The overall mechanism of controlling pathogenic organisms by biotherapeutic yeasts is shown in figure 1

4. Occurrence of Saccharomyces spp in milk and milk products

Saccharomyces spp e.g. S. burnetii, S. kluveri, S. byanus, S. rosinii, S. cerevisiae and S. boulardii may be isolated from a variety of dairy products including milk, yogurt ,cream, dahi, cheese and kefir. Yeasts rarely grow in milk stored at refrigeration temperature because they are out-grown by psychotropic bacteria. However, in sterilized milk in the absence of competition, Saccharomyces spp are capable of growth to populations of 10 8 -10 9 cfu/ml. Saccharomyces spp. are often present in soft mould ripened cheeses and semi-hard and hard cheeses including Cheddar. Growth of Saccharomyces spp in cheeses is thought to be related to its ability to use lipid and protein products form other species and possibly their ability to utilise lactic acid present in the cheese (Robinson, 2000).

5. Development of yeast based fermented milk products

The frequent occurrence of yeasts in dairy and related products indicate their ability to metabolize milk constituents. Saccharomyces spp cannot ferment lactose so they develop in milk as a secondary flora, after bacterial growth. Lactic acid bacteria (LAB) ferment milk lactose through hydrolysis to glucose and galactose. The glucose moiety is fermented to lactic acid. Lactic acid creates a high acid environment, however, the ability of some yeasts to utilize lactic acid as a carbon source can create a selective environment for yeast growth (Fleet, 1990) and for the growth of less acid tolerant lactic acid bacteria.

Fermented milk products that are manufactured using starter cultures containing yeasts include acidophilus-yeast milk (Lang and Lang 1975), Kefir, Koumiss and Leban. S.boulardii is capable of utilizing the yogurt constituents as growth substrates and maintaining cell counts exceeding 10 6 cfu/ml (Lourens and Viljoen , 2001). Various yeast based fermented milk products and their characteristics are shown in table 1.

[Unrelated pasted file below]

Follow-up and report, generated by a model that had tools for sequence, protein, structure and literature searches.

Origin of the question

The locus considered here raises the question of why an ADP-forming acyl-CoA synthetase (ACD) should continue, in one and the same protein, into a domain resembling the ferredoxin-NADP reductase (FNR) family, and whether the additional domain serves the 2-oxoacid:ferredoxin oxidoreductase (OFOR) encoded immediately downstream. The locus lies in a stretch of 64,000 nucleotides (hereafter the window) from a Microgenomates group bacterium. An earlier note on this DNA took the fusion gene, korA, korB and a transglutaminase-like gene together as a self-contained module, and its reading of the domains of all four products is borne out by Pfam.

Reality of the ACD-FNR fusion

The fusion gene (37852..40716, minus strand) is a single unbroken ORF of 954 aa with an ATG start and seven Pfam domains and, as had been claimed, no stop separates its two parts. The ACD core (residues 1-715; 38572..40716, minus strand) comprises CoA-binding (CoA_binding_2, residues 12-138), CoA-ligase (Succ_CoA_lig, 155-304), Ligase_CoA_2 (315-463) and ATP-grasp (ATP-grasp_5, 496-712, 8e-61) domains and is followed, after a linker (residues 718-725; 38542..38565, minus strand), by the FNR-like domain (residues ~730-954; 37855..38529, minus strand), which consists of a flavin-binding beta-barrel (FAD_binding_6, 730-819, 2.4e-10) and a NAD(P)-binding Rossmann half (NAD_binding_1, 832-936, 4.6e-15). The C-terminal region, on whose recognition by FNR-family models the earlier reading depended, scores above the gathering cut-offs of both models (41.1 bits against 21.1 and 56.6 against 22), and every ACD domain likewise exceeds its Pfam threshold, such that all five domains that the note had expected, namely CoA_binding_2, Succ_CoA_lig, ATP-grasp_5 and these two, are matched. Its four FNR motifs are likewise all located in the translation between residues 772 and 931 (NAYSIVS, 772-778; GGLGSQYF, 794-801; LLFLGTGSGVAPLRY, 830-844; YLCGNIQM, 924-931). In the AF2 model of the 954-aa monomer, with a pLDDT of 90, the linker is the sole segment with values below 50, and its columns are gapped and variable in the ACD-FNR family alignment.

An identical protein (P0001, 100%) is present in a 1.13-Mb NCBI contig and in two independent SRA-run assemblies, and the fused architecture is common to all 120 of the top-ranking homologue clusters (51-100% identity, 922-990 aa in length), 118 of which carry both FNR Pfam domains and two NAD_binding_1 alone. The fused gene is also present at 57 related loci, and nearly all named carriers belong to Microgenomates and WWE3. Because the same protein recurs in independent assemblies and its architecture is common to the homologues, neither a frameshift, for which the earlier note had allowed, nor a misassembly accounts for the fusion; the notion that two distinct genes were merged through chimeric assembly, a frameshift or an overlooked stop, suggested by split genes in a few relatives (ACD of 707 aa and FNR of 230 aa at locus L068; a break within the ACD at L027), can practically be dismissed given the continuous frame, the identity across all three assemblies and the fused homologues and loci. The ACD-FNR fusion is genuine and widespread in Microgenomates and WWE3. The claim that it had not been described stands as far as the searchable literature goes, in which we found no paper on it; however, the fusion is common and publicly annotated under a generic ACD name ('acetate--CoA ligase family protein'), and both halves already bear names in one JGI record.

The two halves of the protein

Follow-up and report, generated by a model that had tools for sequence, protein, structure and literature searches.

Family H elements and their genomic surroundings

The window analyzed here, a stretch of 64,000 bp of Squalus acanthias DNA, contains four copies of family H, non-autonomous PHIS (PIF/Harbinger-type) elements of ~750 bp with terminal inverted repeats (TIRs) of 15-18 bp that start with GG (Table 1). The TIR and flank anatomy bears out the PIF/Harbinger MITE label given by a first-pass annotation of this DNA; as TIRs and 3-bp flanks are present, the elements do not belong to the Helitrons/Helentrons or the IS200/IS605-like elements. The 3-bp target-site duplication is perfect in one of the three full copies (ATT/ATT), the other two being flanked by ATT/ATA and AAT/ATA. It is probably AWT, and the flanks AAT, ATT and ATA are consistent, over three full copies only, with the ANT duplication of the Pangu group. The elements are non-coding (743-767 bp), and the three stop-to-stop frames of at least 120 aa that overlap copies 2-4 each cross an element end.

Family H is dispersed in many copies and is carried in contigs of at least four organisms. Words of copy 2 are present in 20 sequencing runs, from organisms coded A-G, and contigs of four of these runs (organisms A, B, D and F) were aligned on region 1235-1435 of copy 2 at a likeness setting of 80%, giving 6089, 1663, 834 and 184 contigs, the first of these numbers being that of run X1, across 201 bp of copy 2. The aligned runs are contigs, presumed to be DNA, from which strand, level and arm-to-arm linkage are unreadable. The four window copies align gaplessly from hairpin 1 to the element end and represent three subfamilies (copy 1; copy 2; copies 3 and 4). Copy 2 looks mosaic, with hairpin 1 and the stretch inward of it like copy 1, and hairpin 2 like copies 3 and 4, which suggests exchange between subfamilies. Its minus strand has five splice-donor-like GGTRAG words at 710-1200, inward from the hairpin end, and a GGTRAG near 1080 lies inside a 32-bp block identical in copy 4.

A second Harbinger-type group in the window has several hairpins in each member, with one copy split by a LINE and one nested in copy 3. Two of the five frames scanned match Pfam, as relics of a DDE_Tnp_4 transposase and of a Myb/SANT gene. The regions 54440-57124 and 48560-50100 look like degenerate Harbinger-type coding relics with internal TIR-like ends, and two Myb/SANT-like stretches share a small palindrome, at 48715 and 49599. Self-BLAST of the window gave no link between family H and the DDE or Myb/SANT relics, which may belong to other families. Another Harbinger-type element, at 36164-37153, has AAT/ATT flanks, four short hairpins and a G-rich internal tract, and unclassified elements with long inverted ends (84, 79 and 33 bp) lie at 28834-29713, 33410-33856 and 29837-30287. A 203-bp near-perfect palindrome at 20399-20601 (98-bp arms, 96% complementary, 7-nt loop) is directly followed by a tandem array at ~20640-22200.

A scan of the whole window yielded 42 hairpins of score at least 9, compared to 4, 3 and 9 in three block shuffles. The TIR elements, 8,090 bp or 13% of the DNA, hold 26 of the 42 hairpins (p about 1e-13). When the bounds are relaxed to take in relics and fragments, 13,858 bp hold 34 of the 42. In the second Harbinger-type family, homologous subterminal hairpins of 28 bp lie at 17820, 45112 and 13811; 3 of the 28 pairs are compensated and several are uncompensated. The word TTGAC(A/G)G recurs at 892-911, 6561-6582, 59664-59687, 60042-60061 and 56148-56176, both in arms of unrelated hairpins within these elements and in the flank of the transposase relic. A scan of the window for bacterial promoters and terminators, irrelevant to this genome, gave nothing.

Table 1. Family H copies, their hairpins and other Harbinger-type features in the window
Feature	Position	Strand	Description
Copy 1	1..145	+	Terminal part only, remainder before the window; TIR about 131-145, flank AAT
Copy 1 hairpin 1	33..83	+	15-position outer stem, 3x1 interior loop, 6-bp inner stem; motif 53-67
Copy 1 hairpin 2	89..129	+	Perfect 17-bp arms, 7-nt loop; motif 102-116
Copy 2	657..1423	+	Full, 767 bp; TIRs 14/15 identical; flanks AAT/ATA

Table 1. Characteristics of yeast-based fermented milk products

Fermented milk products

Microorganisms responsible for the fermentation process

Description of the products

Kefir

Lactic acid bacteria, Acetic acid bacteria and yeasts (Lactose fermenting and non lactose fermenting)

A mixed lactic acid and alcoholic fermentation.

Koumiss

L.bulgaricus and S.cerevisiae

The mare or camel fermented milk of a mare or camel milk. It may be mildly alcoholic

Leban

L.bulgaricus, S.thermophilus and yeasts

A concentrated yogurt like product.

Acidophilus yeast milk

L.acidophilus and S.cerevisiae

Acidic and alcoholic product with probiotic properties

Taette

S. lactis var. hollandicus and Saccharomyces taette

Moderately ropy and sour milk product of slightly flowing consistency that contains not more than 0.3%-0. 5% of alcohol

 

6. Safety of probiotic yeasts

This area has been reviewed by Boyle et al. (2006). The evidence suggests that providing consumers are not immunocompromised or seriously ill there is little risk.

7. Conclusions

Saccharomyces spp are emerging as potential probiotic organisms. Already there is a marked increase in the sale of various yeast based probiotic products. However there is a need to isolate more potential probiotic strains of Saccharomyces and to develop new probiotic yeast based dairy products. Using probiotic Saccharomyces spp alone or in combination with lactic acid bacteria can enhance the nutritive value of fermented dairy products.

8. Probiotic and prebiotic reference list

9. Literature cited

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How to cite this article

Dixit, Kalpana and Gandhi, D.N. (2006) . [On-line]. Available from: https://www.dairyscience.info/index.php/probiotics/232-yeast-probiotics.html . Accessed: 3 December, 2016.